Beach parking costs rise

By Emily Sweeney
Globe Staff / July 1, 2010

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Enjoying the sun and surf won’t cost a penny on the sandy shores this summer, but beach parking lots are another story — just ask the regulars at Nantasket Beach.

At the popular beach in Hull, the daily parking fee has more than doubled since last summer.

But fear not, thrifty beach-goers: There are cheaper ways to park at Nantasket. The Massachusetts Department of Conservation and Recreation now offers $35 parking passes that allow unlimited parking at Nantasket and other state beaches all year.

And here’s another helpful tip: Massachusetts residents age 62 and older can sign up to receive a free senior pass for year-round free parking at state beaches — even if they’re not the person driving.

The ParksPass program and the senior passes have been around for years, but are new at Nantasket, according to Wendy Fox, spokeswoman for the DCR. The programs have also been extended to Nahant Beach on the North Shore, she said.

With the increase in the daily parking fee, the full-year pass is a lot more attractive to sun worshipers who are planning frequent trips to state beaches. At Nantasket, the fee increased to $7 from $3 in August 2009, and the rate for seniors doubled, to $4.

The parking fees at Nantasket were raised to reimburse the town of Hull for emergency police and ambulance services that it provides at the beach, as well for as some maintenance costs, said Fox. (Since last August, $147,571 has been collected, she said.)

“There were some complaints/concerns in the early days or weeks of the increase last year,’’ said Fox, in an e-mail. “But since then, complaints have been rare. It appears that people who visit that beach a lot are buying a ParksPass.’’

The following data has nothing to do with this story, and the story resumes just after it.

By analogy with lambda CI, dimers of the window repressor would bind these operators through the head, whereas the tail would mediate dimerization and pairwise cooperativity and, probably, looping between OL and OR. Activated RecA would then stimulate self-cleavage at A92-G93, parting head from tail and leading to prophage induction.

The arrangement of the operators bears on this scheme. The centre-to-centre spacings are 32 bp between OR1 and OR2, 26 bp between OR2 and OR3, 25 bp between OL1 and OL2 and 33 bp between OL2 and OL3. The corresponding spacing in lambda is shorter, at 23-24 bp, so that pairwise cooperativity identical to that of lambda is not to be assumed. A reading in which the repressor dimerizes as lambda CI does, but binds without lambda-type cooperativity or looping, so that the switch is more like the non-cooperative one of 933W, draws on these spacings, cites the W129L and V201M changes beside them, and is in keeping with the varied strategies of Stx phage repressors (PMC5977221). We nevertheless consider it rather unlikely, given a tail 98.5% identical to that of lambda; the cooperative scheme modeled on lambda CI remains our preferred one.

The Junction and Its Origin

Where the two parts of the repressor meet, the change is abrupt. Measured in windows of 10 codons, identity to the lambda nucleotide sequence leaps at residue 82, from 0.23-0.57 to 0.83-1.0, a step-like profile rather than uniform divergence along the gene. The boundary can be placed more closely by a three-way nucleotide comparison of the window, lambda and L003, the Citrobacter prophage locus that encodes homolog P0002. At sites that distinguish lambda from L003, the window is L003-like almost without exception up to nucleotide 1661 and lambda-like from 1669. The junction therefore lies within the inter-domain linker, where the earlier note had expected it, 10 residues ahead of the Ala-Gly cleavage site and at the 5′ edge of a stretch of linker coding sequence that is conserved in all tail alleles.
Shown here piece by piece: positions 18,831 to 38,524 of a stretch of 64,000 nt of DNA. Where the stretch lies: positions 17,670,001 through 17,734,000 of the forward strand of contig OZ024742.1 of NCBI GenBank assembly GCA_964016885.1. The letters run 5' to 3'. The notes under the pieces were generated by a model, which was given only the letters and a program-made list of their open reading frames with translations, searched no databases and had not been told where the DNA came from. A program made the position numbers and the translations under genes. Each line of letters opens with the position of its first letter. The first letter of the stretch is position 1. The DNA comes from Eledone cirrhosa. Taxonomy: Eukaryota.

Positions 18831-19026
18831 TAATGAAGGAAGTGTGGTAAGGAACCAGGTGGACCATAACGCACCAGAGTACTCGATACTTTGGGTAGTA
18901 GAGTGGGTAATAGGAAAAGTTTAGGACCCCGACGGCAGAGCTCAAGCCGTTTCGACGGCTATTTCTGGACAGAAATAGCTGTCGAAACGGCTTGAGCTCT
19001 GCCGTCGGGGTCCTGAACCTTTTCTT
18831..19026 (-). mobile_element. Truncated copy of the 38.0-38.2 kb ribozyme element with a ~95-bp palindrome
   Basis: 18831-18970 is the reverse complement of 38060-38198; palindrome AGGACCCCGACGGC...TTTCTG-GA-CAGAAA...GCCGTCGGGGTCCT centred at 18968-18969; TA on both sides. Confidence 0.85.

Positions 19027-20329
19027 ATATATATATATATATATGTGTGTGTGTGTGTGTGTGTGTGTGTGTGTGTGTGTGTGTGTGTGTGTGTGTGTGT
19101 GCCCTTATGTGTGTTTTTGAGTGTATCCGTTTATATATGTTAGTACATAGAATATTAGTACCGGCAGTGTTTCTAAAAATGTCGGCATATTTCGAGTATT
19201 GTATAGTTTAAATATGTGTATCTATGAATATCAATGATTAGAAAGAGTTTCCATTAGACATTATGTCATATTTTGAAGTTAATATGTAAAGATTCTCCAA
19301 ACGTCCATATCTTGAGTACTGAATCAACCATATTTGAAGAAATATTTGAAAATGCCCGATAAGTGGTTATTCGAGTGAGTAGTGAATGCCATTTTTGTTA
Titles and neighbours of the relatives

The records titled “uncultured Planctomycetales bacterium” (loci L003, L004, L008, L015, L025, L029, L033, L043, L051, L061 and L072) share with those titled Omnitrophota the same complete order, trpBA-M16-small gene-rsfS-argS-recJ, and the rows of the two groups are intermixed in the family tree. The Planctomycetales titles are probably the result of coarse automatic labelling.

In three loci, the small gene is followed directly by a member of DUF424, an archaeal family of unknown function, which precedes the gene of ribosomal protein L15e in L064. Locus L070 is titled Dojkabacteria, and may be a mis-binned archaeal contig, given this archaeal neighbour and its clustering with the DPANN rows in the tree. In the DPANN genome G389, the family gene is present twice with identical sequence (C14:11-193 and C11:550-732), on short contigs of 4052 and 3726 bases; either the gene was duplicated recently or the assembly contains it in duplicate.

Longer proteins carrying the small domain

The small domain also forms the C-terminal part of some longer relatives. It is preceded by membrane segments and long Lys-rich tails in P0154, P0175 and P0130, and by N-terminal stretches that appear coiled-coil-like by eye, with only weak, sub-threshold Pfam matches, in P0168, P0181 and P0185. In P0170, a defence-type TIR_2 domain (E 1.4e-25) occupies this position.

And in case you’re wondering, the parking rates will probably hold steady for a while.

“No increases are planned or being talked about,’’ said Fox.

ParksPass tags cost $35 for Massachusetts residents and $45 for out-of-staters. A second vehicle per family can be added for $15. They’re valid from Jan. 1 through Dec. 31; during that time, pass holders get unlimited daytime parking at DCR parks and beaches that charge parking fees, which generally range from $2 to $7 a day.

The passes are good for parking at several summertime spots in Southeastern Massachusetts, such as Borderland State Park in Easton (where parking is $2), as well as College Pond in Myles Standish State Forest and Watson Pond in Taunton (where parking is $5). The pass also saves $7 in parking fees at seaside destinations such as Demarest Lloyd State Park in Dartmouth, Horseneck Beach in Westport, South Cape Beach in Mashpee, and Scusset Beach in Sandwich.

ParksPasses are available for purchase at state parks and beaches, and can be requested by calling 617-626-4969 (credit cards, but not debit cards, are accepted) or by sending a check to: Massachusetts ParksPass Program, Department of Conservation and Recreation, Division of State Parks, 251 Causeway St., Suite 900, Boston MA 02114.

Be sure to include the vehicle’s license-plate number and specify whether it’s a resident or nonresident ParksPass, or a “second car’’ sticker.

Senior passes are available at all state parks and beaches that charge a parking fee.

Emily Sweeney can be reached at Follow her on Twitter @emilysweeney.

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